22-27 May
My target for the end of May was to have the engine fitted. The heads were bolted down and carefully torqued, the oil pump opened up and all cavities filled with Vaseline. I hoisted the engine away from the stand and onto my tool trolley, where it sat a little precariously while I fitted the clutch, using a home-made (but very accurate) aligning tool.  The gearbox was then hoisted into position, and with a little jiggling the input shaft engaged in the spigot bush. I then realised I didn’t have any of the right bolts to fasten the two together (you need 6 x 3/8” x 2” UNC and 2 x 3/8” x 3” UNC). I managed to find a couple of studs and some Whitworth bolts which will be OK until the right ones come from Namrick. Fortunately everything’s quite accessible with the engine in place.
I’d originally planned to separate the body from the chassis before installing the engine and gearbox. This would have made the installation easier, but as it happened not that much easier. The length of the engine and gearbox is about a foot longer than the bonnet opening, so it has to be lowered on the slant, and then straightened as the gearbox enters the transmission tunnel. I’d placed a wooden trolley under the car to support the gearbox end, and this was moved back when the gearbox was lowered onto it. The final lift of the gearbox end was manual, to locate the 8mm threaded rubber bobbins in the holes provided in the chassis. The engine mountings were aligned behind the chassis brackets. This took a very small amount of persuasion, but to put them in front would have required more, and had the crank pulley practically in contact with the brake pipe running behind the front crossmember. However, looking at the gearbox mounts, they look slightly strained, as if the holes should have been slightly further back, though the end of the gearbox is very close to the chassis crossmember. Maybe a spacer under the bobbins would help?

I’d worried quite a bit about clearance under the bonnet for my 3” deep Edelbrock air filter. Gerry had given me the impression there was plenty of clearance when we first met him last October, and this was confirmed by approximate measurements before installation of the engine. Nevertheless, when fitted it looked high. I was quite surprised when the bonnet fitted perfectly, and when I investigated through the front grill opening (before fitting the radiator) I found I could wave a length of ½” dowel between filter and underside of the bonnet. Appearances can be deceptive!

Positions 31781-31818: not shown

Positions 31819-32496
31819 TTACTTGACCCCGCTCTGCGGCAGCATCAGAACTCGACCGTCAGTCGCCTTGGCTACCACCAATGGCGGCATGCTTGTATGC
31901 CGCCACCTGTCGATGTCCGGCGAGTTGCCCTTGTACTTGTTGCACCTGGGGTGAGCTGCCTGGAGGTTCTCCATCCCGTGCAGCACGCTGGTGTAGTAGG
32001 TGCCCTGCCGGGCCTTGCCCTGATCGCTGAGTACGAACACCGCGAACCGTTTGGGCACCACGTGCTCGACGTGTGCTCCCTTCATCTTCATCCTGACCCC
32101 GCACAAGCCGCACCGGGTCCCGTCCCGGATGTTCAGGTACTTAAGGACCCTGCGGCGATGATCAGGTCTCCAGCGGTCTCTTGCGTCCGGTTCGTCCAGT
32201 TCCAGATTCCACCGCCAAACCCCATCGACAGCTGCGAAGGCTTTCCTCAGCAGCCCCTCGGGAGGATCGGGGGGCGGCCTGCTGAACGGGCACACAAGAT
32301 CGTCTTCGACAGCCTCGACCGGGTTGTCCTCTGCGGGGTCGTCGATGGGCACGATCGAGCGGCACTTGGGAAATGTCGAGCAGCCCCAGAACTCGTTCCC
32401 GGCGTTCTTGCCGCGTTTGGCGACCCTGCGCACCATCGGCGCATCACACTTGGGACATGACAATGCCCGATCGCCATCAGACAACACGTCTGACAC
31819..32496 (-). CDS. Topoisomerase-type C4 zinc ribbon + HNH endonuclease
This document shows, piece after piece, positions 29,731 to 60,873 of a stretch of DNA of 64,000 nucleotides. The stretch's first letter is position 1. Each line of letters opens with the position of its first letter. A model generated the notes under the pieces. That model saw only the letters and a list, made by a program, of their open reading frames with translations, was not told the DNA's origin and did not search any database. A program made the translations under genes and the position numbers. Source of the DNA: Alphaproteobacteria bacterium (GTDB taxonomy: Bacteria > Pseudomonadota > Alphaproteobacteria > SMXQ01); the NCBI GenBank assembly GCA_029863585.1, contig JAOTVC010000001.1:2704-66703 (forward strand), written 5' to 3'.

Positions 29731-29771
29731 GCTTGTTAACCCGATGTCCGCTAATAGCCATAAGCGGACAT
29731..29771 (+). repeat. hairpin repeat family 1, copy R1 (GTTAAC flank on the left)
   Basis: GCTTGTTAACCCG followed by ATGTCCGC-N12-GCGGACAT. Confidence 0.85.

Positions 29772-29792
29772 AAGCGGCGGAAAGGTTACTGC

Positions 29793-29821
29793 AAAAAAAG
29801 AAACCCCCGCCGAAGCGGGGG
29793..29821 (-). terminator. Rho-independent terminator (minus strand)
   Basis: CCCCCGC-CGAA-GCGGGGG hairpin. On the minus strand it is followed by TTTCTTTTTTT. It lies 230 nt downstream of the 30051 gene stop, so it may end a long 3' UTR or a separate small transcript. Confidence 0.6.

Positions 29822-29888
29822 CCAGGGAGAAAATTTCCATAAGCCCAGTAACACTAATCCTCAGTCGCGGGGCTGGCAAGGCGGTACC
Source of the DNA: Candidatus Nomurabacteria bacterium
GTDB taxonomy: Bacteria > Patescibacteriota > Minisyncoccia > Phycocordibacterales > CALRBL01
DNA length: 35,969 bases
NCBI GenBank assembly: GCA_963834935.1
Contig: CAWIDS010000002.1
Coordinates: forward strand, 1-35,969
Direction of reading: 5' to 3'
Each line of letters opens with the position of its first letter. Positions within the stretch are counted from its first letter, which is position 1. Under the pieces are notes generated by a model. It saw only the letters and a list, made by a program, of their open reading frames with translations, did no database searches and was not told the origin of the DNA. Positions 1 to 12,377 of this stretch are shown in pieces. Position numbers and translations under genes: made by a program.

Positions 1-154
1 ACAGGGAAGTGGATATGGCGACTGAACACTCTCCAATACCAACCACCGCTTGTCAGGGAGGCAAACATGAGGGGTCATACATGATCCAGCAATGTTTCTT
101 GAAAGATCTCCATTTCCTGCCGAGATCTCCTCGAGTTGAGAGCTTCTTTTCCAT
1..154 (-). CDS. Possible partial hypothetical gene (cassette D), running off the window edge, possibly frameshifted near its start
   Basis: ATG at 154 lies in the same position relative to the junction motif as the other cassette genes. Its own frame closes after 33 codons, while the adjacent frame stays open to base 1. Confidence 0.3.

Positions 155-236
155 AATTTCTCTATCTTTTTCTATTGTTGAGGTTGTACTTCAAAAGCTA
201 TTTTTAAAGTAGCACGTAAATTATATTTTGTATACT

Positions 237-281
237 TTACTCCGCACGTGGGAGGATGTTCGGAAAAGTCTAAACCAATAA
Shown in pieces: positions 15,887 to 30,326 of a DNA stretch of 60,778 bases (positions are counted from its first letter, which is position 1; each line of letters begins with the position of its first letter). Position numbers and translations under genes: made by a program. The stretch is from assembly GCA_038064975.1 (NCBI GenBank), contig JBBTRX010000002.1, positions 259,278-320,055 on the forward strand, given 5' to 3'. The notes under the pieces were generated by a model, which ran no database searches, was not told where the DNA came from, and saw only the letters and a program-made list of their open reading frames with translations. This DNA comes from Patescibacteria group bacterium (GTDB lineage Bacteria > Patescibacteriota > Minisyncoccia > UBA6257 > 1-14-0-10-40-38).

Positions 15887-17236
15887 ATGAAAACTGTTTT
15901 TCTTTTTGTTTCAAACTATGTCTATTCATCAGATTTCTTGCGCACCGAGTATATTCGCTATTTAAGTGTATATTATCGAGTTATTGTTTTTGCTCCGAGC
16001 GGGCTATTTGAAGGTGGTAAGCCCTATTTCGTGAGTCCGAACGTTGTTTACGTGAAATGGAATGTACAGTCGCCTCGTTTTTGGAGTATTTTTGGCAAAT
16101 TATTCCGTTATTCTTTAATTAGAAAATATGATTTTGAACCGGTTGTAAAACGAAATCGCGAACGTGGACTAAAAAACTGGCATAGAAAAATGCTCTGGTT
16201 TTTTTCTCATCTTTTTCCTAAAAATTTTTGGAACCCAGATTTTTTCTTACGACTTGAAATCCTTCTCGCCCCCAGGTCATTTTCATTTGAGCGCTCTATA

I’d removed the gearchange extension before fitting the engine and gearbox. Looking at the gearbox in place it’s obvious the extension needs shortening, so this job will go on the list.
I fitted the fan to the radiator with the ‘quick-mounts’ supplied with it – it seemed a bit odd to be poking the plastic ties through the matrix, but after very slightly modifying the fan cowling to fit between the top and bottom header tanks, it all looks fine and the mod is invisible. It took a bit of time to accurately mark up and drill the radiator support brackets, jobs like this seem so straightforward but invariably are time consuming to get right.

Next job was the fuel pump. I wanted to do this before losing the little rubber isolation mounts! Now this really is a job which would have been much easier with the body off! I laboured for several hours on Sunday morning, after which I hadn’t got it fitted, only measured up for a mounting plate which I decided is needed. The problem is – when you keep the MGB lever arm shocks – the pump and the nearside shock absorber are competing for the same space, it’s very fiddly and then when I thought I had the pump mounted right, the shock absorber wouldn’t fit back without fouling the pump inlet connection. I’m now making a mounting plate which bolts to the original mounting holes but positions the pump further forward, closer to the glassfibre rear bulkhead. I’ll take a picture when it’s done.
I abandoned the rear end due to rain, and found a job I could do at the front of the car, nosed into the garage. The grill opening has to be trimmed back about ½” all round to clear the grill, and this needs a long blade on a jigsaw, and plenty of protective tape around the front of the car, as the jigsaw can’t sit flat on what it’s cutting. The flange through which you need to drill four holes to fix the grill in place is narrow, and I found only the bottom holes I drilled went through the fibreglass, the top ‘holes’ coincided with the edge of the trimmed fibreglass. I drilled some small pieces of aluminium to form ‘washers’ which when riveted through retained the grill in place firmly. The rivets can be easily drilled out for grill removal, which if I don’t need to do for the IVA I will for spraying.